biggest up side for us. So in January, we will transition out of the Frontier
agreement and those aircraft are scheduled to go into service with United

Matt: So it was something that you have to choose one or the other? You can't
have both in the same hub.

Jonathan:  Pretty much.

Matt:  Okay thank you.

Jonathan: There are some nuances to that; but that's pretty much what it
boils down to.

Operator:  We will take our next question from Mary Schlogenstein - Bloomberg

Mary Schlogenstein - Bloomberg News - media representative: Hello Mr. Ornstein,
I wanted to know on your statement that you would go directly the ACA
shareholders how long are you willing to wait for a response from their board
and have you had any feedback or contact with their shareholders yet and what's
your level of optimism that you could succeed going that route.

Jonathan: Okay, Good questions there first off we have not had any contact other
than my initial contact with Kerry that the offer was going to be made. We are
anxiously awaiting there response I sure hope that it's constructive. I'm not
sure what the timing would be but given the points that are being made, which I
think are good ones, time marches on, everyone's plans move forward. I think we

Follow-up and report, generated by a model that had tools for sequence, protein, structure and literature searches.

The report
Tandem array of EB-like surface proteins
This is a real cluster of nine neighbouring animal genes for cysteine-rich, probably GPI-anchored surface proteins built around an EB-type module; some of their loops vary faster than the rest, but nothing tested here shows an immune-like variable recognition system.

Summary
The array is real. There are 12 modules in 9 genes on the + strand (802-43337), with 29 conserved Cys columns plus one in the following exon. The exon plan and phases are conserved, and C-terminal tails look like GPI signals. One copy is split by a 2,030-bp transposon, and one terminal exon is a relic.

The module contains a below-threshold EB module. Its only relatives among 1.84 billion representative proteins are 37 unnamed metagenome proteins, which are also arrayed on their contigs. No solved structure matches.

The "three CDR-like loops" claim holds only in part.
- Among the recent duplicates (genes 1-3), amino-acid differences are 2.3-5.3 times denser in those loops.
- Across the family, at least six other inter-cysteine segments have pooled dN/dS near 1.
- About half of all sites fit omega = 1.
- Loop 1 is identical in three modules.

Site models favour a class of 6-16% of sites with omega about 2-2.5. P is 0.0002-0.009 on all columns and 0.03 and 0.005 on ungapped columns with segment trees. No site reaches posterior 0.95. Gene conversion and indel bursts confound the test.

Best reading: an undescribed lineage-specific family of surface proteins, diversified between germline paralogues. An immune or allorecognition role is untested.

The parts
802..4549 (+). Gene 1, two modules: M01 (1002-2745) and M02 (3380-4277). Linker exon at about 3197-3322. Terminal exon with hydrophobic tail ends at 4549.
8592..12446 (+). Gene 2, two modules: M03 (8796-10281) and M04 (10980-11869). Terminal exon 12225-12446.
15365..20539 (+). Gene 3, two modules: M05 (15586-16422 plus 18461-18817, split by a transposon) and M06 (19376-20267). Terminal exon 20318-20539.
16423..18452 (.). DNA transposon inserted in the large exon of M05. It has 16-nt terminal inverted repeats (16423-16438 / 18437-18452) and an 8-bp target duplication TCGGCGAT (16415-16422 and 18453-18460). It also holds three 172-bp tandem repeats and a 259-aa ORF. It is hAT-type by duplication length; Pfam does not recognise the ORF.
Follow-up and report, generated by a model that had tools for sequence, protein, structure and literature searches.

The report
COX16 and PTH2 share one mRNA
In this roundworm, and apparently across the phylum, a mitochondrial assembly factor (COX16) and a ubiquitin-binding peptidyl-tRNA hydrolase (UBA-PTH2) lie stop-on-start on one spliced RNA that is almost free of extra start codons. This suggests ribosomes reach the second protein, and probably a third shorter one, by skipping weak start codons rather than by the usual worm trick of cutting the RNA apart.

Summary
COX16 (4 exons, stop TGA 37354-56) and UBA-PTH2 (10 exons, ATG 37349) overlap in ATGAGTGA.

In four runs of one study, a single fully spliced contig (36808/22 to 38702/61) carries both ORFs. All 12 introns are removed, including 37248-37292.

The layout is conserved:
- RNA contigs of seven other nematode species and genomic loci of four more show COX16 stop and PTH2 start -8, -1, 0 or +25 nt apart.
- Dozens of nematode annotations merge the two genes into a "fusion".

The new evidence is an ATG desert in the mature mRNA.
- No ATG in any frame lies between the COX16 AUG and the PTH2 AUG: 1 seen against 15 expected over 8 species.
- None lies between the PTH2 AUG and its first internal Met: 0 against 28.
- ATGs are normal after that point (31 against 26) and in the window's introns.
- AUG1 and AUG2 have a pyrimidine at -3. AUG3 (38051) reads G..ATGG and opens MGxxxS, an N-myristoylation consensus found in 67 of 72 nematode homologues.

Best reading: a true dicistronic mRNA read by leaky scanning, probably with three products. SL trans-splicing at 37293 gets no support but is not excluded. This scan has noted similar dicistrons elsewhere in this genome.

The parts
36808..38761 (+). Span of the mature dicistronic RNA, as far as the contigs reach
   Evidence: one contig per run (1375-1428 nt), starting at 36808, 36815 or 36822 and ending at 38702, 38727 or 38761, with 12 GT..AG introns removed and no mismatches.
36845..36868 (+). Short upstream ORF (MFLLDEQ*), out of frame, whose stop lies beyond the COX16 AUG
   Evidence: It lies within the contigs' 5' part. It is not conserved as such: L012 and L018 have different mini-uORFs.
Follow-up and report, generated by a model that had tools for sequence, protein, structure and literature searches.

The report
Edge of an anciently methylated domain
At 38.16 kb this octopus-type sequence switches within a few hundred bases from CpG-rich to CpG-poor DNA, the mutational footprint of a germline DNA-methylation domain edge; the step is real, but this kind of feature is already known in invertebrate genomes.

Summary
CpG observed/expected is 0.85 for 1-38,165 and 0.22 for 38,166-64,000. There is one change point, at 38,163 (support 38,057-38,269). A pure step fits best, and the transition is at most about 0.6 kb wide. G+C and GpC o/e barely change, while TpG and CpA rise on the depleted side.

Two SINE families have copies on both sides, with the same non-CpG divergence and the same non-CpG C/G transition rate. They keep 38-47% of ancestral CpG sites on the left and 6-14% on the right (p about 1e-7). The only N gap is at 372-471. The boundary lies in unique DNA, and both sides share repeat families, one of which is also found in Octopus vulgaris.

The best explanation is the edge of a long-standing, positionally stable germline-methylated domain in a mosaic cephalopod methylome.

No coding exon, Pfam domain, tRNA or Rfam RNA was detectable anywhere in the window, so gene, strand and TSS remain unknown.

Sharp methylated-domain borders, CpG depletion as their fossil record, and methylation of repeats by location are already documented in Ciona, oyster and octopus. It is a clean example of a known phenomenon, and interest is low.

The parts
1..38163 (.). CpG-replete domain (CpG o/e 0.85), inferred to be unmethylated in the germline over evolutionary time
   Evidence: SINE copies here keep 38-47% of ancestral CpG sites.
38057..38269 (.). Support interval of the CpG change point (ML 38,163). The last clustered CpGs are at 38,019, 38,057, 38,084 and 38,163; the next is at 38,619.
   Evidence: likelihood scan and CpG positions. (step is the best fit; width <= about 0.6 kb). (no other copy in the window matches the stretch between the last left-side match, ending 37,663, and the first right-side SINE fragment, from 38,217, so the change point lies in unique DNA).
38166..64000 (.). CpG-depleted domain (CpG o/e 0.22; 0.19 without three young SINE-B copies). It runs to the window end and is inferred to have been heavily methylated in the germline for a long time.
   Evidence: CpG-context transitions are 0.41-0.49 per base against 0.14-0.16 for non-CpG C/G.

have to move quickly. In terms of us contacting shareholders, as you can
imagine, we have been rather inundated with phone calls from some of the larger
shareholders. Given the tone of some of them it has increased our level of
optimism that this transaction can go forward successfully. So we feel now, I'm
not going to the point to say highly confident, but I think that we feel more
confident than we did prior to launching the offer that there is a reasonable
chance of success here and certainly one that we are going to pursue given the
input that we have had from some of the larger shareholders.

Mary:  Thank you.

Operator:  And will go next to Arindam Nag with Reuters.

Arindam Nag - Reuters - Media Representative: Hi, A quick question do you have
any plans to invite your counterparts to join the management? And my second
question is, once the deal gets done how long will you take to integrate both

Jonathan: I think as I mentioned that Mesa, if anything, is management weak
right now in terms of numbers. We have great people but the amount of growth
that we have and the potential opportunity to add Atlantic Coast I don't that
think we are going to be long on management. And I don't see why the folks at
Atlantic Coast would have any concern we aren't going to need them as much as we
need the people we have here. They have a very good operation. I mean I don't